Typical Foods in Iceland and Icelandic Cuisine

I hope after reading this post, you no longer think that Iceland is all boiled sheep's head and whale blubber. It is true that our more traditional dishes are not the most appetizing for tourists, but if you are visiting, I would have to recommend that you try one of the traditional recipes. To truly get a sense for the culture you need to step out of comfort zone and try something you may never try again. Everyday Icelanders though, we eat fish, hot dogs, ice cream, skyr, lamb much more often than we do the antiquated dishes from our distant past!

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Tuesday, 17 July 2018

Iceland Country Profile and FAQs

Iceland is a country that has appeared on many people’s radars in the last few years. Its success as a tourism destination has created a significant amount of interest in the country. Despite the exponential growth in visitors, many people still know relatively little about Iceland. With curiosity about the country increasing, we thought it would be nice to write an article addressing people's most frequently asked questions about the tiny Nordic nation.

Iceland FAQ - The most frequently asked questions

Quick Overview 

Capital: Reykjavik
Population: 337,780 (2018)
Language: Icelandic
Currency: Icelandic krona ($1 USD = 107 krona)
Nickname: The Land of Fire and Ice

Where is Iceland on the map? 

Iceland is located in the North Atlantic Ocean just below (and in some parts, touching) the Arctic Circle. The island is located between Greenland and the Scandinavian countries of Norway and Sweden. When looking at a map, it lies northwest of Scotland in the United Kingdom.

Iceland on the map

When is the best time to visit Iceland?

This is not a question with a completely straightforward answer. While the high season typically runs during June, July and August, things start moving around April and don’t really wind down until September or October. Yes, the weather is warmer in the summer, but that doesn’t mean it’s the only time to visit. And just to clarify, you cannot see the Northern Lights all year long (if you were planning your visit around that). Be sure to visit from mid-September to mid-March if you want to see the Aurora Borealis.

What are the top activities and things to do in Iceland? 

Iceland has a wide variety of things to do throughout the year and what you choose to do depends on the time of year you go. Popular activities during the colder, darker months of fall and winter include watching the Northern Lights and exploring the country’s glaciers. When things warm up, you can enjoy the Midnight Sun, go puffin watching or whale watching, and take part in the country’s many festivals. The country’s natural wonders are also a big draw, with waterfalls, volcanoes, geysers, natural parks, black sand beaches, hiking, geothermal hot springs, and much more on deck to keep you busy.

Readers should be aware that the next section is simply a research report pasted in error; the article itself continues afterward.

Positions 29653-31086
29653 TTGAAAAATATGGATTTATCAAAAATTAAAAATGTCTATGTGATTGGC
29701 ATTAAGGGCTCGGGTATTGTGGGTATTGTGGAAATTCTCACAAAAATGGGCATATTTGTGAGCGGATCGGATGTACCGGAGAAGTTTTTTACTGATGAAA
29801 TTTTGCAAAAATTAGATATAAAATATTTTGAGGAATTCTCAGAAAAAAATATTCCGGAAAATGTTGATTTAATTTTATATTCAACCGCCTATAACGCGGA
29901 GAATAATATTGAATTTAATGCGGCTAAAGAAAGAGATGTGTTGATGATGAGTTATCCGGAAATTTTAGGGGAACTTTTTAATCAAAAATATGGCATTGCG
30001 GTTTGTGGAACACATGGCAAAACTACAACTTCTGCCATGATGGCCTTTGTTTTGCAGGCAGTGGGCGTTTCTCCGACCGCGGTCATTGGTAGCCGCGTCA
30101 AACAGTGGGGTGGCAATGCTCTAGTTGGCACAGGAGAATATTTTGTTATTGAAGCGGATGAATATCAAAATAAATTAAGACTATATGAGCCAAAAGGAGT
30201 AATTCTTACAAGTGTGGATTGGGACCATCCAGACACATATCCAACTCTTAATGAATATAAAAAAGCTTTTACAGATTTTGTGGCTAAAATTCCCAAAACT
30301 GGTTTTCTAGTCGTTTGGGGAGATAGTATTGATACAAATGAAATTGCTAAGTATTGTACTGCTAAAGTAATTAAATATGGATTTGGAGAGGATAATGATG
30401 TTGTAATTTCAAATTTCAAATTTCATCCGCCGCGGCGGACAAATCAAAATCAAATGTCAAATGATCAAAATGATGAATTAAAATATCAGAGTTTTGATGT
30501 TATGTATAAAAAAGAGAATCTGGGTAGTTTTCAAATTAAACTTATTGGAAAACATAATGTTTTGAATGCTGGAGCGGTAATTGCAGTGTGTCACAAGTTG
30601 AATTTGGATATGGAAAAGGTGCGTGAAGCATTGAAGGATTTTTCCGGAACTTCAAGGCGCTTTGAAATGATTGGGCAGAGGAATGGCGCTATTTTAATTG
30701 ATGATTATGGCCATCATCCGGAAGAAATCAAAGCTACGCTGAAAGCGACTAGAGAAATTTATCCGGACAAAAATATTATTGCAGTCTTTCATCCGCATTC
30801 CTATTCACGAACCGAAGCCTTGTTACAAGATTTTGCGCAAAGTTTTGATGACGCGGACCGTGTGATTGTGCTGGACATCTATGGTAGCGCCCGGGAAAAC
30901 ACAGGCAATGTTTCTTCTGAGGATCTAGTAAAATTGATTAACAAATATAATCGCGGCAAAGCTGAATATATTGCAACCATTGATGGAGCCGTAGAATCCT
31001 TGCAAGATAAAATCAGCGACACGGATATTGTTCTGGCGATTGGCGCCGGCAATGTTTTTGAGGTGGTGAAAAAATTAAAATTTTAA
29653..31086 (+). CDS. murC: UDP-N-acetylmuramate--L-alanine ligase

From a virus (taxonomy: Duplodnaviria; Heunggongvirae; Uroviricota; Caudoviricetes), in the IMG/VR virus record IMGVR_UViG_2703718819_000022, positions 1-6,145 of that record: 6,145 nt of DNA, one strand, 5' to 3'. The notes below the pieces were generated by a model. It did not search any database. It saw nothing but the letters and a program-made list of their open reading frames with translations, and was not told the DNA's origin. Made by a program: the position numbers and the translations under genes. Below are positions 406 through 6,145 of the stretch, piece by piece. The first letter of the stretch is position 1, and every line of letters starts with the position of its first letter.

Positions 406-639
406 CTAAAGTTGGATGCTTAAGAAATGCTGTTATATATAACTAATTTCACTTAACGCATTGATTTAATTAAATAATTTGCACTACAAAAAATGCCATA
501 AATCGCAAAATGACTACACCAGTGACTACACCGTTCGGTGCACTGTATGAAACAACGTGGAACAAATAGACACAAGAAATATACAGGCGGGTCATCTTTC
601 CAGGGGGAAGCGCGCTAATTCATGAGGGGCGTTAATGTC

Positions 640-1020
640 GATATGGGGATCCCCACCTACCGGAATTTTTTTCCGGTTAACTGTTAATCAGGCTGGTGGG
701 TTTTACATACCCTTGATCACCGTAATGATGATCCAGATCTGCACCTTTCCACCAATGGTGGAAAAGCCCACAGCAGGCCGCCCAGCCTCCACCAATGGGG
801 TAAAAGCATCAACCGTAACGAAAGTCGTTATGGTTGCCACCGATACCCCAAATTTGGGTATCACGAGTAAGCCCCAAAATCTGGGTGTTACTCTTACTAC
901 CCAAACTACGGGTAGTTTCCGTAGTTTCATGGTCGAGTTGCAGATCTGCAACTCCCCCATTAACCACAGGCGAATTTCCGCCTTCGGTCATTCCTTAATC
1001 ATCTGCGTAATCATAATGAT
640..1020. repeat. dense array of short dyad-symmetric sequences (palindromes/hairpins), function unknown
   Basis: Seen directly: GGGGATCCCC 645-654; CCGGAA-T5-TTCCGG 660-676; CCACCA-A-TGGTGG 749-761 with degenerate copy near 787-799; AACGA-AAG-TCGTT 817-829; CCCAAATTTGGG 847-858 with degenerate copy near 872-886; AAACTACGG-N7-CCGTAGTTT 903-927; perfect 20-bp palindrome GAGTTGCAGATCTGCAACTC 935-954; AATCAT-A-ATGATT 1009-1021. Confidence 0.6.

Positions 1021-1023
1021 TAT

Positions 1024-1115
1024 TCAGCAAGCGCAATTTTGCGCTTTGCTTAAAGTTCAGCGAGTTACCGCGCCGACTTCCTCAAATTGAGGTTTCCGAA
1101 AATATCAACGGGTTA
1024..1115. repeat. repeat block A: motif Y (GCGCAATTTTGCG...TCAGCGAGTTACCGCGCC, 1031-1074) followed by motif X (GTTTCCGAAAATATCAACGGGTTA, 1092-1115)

Hiking in a glacier cave in Iceland

Other Interesting Facts about Iceland

The country is very modern. Its capital, Reykjavik, runs entirely on geothermal power. Iceland is also very politically forward-thinking. The small Nordic island is home to the world’s oldest parliament and the world’s first directly democratically elected female president. Did you know Iceland was such a leader in politics? Lastly, Iceland has the world’s northernmost capital city, Reykjavik.

Now that you know a little bit more about Iceland, it's time to start planning your trip.

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Monday, 16 July 2018

What to Do in Reykjavik

Iceland’s capital city is a vibrant town with colorful houses and an even more exciting nightlife. But what is there to do in Reykjavík during the day? The vast majority of the island’s travelers fly into and out of Keflavík airport, so a stop in Reykjavík is pretty much mandatory during your trip to Iceland. Once you’ve figured out your accommodation and where you’re going to eat, it’s time to decide what to see and do. Here’s are some ideas for sightseeing in Reykjavík.

The Sun Voyager Statue in Reykjavik is a point of interest

Sun Voyager Statue 

This beautiful steel sculpture by Jón Gunnar Árnason sits on the water’s edge along one of Reykjavík’s waterfront paths. While the Sun Voyager resembles a Viking ship, it’s actually a tribute to the sun. The sculpture was created in 1990 and is an especially lovely place to photograph at sunset.

Hallgrímskirkja Church

This Lutheran parish is the largest church in the country and one of the tallest buildings in Iceland. Made out of concrete, the structure’s unique silhouette and architecture bear a striking resemblance to the outline of a pipe organ. This holy place is also home to The Klaisorgan, which is the largest concert organ in the country.

Hallgrímskirkja church in Reykjavik during Iceland's famous Midnight Sun

Laugavegur Street

Laugavegur is Reykjavík’s main shopping street as well as the epicenter of its famous nightlife. You’ll find many cool vintage boutiques, quirky shops and even bakeries (for that mid-shopping snack) along this popular thoroughfare. Discover Icelandic fashion between stops at noodle shops and bookstores.

Walk around to see the colorful houses